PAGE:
This has to be inspirational entrepreneurshiip at its best – private sector risk and an imaginative, intelligent reading of opportunity.
A new £2million vessel which aims to tap into Scotland’s growing renewable energy market was launched on Saturday, 19th May.
The Helen Burnie, built to a unique design at Macduff Shipyards in Moray, will create up to 12 new jobs once she is working to capacity.
The workboat is equipped with the latest technology to allow it to tackle specialist offshore windfarm and tidal survey work, as well as the more traditional workboat contracts.
At a time when many companies are laying people off, the venture represents a huge leap of faith in Scotland’s renewable energy market by Inverlussa Marine Services, a small family business based on the isle of Mull.
The company, which has two other vessels, has already carried out some tidal exploratory work off the islands of Skye and Islay.
And Ben Wilson, Inverlussa’s Operations Manager, speaking at the launch of the Helen Burnie in Oban, said he believes renewable energy opportunities have a lot to offer far-flung communities.
He said: “We think it’s a good time to invest in the renewables sector and the boat has been built completely with renewables in mind, because we do feel it is a sector with vast potential.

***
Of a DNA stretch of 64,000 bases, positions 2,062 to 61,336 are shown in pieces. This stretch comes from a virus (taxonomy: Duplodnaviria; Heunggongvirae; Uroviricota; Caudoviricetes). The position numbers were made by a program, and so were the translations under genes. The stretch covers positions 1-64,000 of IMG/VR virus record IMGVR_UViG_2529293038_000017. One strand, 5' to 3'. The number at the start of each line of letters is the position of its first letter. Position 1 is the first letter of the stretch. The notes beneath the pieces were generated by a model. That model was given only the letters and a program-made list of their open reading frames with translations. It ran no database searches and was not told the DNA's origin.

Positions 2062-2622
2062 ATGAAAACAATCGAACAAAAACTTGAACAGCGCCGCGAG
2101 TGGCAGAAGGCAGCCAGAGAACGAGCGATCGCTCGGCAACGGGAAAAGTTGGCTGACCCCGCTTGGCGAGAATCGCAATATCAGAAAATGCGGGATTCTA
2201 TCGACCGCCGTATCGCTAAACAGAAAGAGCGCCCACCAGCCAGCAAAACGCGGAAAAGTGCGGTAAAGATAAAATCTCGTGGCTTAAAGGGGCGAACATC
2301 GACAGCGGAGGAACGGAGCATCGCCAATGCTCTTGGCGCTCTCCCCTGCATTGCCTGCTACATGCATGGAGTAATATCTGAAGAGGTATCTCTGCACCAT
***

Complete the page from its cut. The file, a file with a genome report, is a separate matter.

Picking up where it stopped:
‘This is a state-of-the-art vessel, a total one-off design. It’s got the latest winch system and the latest crane.
‘It is a general purpose coastal supply vessel, available to assist with all the traditional marine service tasks which are the backbone of our business such as fishfarm feed deliveries and dive support work, but it is also kitted out to work on the construction stage of tidal and offshore wind farm sites.’
The company, evolved from a one man operation started by Mr Wilson’s father, Douglas, the company’s Managing Director, over 20 years ago, has employed 15 people in recent years.
As the Helen Burnie sailed off on her first delivery contract to the Shetland Isles, Mr Wilson said: ‘The new boat has already created six new jobs, all local jobs, but there will be up to twelve jobs created on the island, depending on the contracts we secure’.
The boat will be available for all logistical marine services, including cargo transport, general dive support, fuel and fresh water transfer, cable laying, container transport, plough dredging, anchor handling and towing work.
But Mr Wilson, whose company has received the backing of the Clydesdale Bank for the project, said: ‘Due to her versatility and high manoeuvrability we expect that Helen Burnie will be in great demand for a variety of renewable energy projects – from offshore wind farm work to tidal energy surveys.
‘There is a lot of money going into these windfarms and I think it is a great opportunity for the West Coast to be involved in an industry which is attracting investment.’
Argyll SNP MSP Michael Russell said: ‘It is great to see such a significant investment being made by a local company and it shows the huge potential of renewables in this area. I wish them every success with this exciting step forward.’